Space Shuttle Columbia Case Study

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ID: 201210112 Study program: (BSEEE)
Email: Asmae Bornak
ID: 201310299 Study program: (BSCSE)
Email: Alaa Samir Halawani
ID: 201310036 Study program :( BSEEE)


This project is written to discuss the physical reasons and the ethics behind the loss of the Space Shuttle Columbia and its seven crew.
2. INTRODUCTION On 16th of January 2003, the Columbia STS-107 mission lifted off. This science mission planned for 16 days in order to feature numerous microgravity experiments . On 1st of February 2003, after reentering the earth atmosphere the space shuttle suffered a calamitous defeat because of a hole that happened during dispatch when falling foam from the External Tank struck the carbon panel on the left wing .The space shuttle and its 7 crew [Rick D. Husband (commandor), William C. McCool (pilot), Laurel Blair Salton Clark(Mission Specialist), David Brown(Mission Specialist), Ilan Ramon (Payload specialist), Michael P. Anderson (Payload Commander)and Kalpana Chawla(Mission Specialist)] (Figure-1) were almost lost 15 minutes before Columbia was scheduled to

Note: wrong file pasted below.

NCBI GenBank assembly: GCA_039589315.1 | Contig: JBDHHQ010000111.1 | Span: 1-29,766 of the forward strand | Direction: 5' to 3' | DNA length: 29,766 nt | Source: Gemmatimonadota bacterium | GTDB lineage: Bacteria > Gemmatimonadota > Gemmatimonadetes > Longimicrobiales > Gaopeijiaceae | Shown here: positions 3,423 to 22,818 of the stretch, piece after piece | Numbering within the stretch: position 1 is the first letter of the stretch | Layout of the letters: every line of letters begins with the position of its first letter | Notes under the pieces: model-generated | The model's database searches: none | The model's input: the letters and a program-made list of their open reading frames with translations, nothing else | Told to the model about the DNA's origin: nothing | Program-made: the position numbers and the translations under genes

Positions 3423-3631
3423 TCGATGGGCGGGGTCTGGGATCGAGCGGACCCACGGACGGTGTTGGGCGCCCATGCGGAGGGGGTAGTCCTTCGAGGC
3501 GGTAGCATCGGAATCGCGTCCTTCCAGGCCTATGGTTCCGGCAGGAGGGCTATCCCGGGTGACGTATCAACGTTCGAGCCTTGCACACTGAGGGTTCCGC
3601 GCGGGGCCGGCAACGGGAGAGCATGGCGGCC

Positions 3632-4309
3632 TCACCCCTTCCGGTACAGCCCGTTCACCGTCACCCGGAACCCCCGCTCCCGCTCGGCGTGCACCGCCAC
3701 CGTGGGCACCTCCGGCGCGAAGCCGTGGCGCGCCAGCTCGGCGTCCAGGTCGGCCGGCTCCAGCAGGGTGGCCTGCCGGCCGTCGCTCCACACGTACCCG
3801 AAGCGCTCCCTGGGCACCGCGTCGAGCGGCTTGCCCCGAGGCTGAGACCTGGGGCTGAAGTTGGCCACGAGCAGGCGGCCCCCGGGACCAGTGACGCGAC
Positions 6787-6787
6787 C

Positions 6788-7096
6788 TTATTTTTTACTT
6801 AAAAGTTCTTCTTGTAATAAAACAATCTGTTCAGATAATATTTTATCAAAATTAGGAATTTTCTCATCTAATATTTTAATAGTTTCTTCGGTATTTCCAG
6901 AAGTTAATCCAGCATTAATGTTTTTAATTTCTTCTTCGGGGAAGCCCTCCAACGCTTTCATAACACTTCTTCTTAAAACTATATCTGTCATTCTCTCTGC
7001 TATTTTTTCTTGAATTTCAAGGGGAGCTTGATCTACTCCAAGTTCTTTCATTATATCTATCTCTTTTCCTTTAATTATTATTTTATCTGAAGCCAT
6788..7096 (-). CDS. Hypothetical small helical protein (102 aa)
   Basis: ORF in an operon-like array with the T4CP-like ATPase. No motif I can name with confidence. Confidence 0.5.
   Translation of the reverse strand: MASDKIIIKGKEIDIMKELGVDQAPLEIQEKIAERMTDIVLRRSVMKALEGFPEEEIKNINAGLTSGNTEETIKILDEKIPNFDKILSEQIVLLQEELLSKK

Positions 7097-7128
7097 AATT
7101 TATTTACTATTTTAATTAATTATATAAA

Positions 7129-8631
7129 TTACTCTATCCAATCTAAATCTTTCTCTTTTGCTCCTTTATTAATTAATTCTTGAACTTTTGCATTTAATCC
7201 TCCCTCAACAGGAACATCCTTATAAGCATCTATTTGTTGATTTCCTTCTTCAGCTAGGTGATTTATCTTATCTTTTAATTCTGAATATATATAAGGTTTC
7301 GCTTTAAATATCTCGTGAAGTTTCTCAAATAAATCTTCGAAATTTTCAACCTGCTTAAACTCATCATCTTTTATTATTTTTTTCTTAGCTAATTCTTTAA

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The leading edge of the wings reached 4,400 degrees Celsius. All of the heat sensors which were around this area was showing the extreme heat temperature. 6 minutes before the disaster the temperature sensors was going off because of the super-heated gasses. These gasses burn and melt everything inside the left wing. Then, the space shuttle was disintegrated in the sky above Texas and the 7 astronauts passed away. However, “Engineers should keep paramount of safety, health, and welfare” according to NSPE ethics. So NASA, should had designed better impact resistible thermal protection

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